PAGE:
20th August 2005, 14:02
Just stumbled upon this old thread.

I would jsut like to say, for any still interested, that the system of Taiho-jutsu taught by Brian Eustace was about 90% Tomiki Aikido - at least that is how it was when I did it in the mid 1980s as our Tomiki club had a habit of going down to Stratford Upon Avon to train with Brian Eustace. I think I got graded to 3rd Kyu in his system of police Taiho-jutsu.

20th August 2005, 18:57
Hi Rupert,

Taiho Jutsu was/is Tomiki based, however, I would say 60% was Tomiki, 20% Judo, 10% Sambo and 10% wrestling.
The system was ever evolving and as more PTI's got in to the system the more they brought with them from other arts.
It must be remembered that many of the top Police PTI's were internationals at their sports. I can remember several Judo, Sambo and wrestling internationals and two of them had represented GB at the olympics.

Brian Eustace taught Tomiki aikido and I would think at his club that is what his teaching was based upon, however, when he taught the police he would get many of the higher graded instructors (as mentioned above) to teach their styles and these techniques were added to the Taiho Jutsu system.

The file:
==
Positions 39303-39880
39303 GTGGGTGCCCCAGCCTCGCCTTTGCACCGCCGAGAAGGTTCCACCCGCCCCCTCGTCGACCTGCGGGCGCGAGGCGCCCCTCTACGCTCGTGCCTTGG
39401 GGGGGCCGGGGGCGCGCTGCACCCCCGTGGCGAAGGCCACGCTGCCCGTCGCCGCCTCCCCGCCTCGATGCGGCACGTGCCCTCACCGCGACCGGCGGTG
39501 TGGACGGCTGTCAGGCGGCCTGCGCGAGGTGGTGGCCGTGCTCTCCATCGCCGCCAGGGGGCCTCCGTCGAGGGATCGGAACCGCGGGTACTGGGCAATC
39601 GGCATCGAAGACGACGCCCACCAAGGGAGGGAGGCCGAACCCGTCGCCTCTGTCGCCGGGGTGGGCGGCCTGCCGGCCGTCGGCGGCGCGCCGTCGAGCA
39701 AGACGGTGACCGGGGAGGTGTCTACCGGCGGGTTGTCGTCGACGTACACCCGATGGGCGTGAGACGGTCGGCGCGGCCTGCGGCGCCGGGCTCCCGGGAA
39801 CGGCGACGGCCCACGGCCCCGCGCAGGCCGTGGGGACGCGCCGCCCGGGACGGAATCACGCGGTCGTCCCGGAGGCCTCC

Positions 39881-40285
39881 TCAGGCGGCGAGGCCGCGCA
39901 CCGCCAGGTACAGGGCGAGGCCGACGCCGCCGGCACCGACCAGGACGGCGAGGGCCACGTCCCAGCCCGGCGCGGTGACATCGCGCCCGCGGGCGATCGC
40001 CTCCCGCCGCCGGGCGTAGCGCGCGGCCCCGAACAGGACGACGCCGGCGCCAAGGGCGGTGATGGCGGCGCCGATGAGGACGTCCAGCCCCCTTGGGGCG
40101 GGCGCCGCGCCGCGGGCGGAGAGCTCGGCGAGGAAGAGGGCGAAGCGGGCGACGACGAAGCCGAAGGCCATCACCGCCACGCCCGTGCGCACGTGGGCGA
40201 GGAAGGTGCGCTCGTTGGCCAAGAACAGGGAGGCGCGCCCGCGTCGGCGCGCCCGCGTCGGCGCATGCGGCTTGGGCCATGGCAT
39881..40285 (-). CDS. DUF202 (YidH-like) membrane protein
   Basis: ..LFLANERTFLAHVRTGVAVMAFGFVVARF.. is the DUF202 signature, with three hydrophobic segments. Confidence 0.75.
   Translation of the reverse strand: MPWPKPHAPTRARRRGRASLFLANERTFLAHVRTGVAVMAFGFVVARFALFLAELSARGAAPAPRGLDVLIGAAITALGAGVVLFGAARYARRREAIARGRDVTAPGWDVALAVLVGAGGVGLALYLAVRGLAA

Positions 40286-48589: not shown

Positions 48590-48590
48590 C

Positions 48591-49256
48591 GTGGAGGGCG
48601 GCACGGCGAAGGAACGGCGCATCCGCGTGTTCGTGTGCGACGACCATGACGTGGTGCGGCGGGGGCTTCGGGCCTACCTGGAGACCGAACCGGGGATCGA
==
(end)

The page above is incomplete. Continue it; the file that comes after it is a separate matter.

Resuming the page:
So yes you are right it is Tomiki based but it did incorporate many other arts and thats what made it so interesting as a competition.

Robert Cheshire
31st August 2005, 14:12
I was wondering if any of you Europeans have had the chance to see any of the Yoseikan Budo competitions? It has some of the elements you have talked about. It also uses sutemi then leads right into groundwork.

31st August 2005, 20:40
Hi Robert,

I have not seen Yoseikan Budo before but having visited the site it looks very close to Taiho Jutsu competition.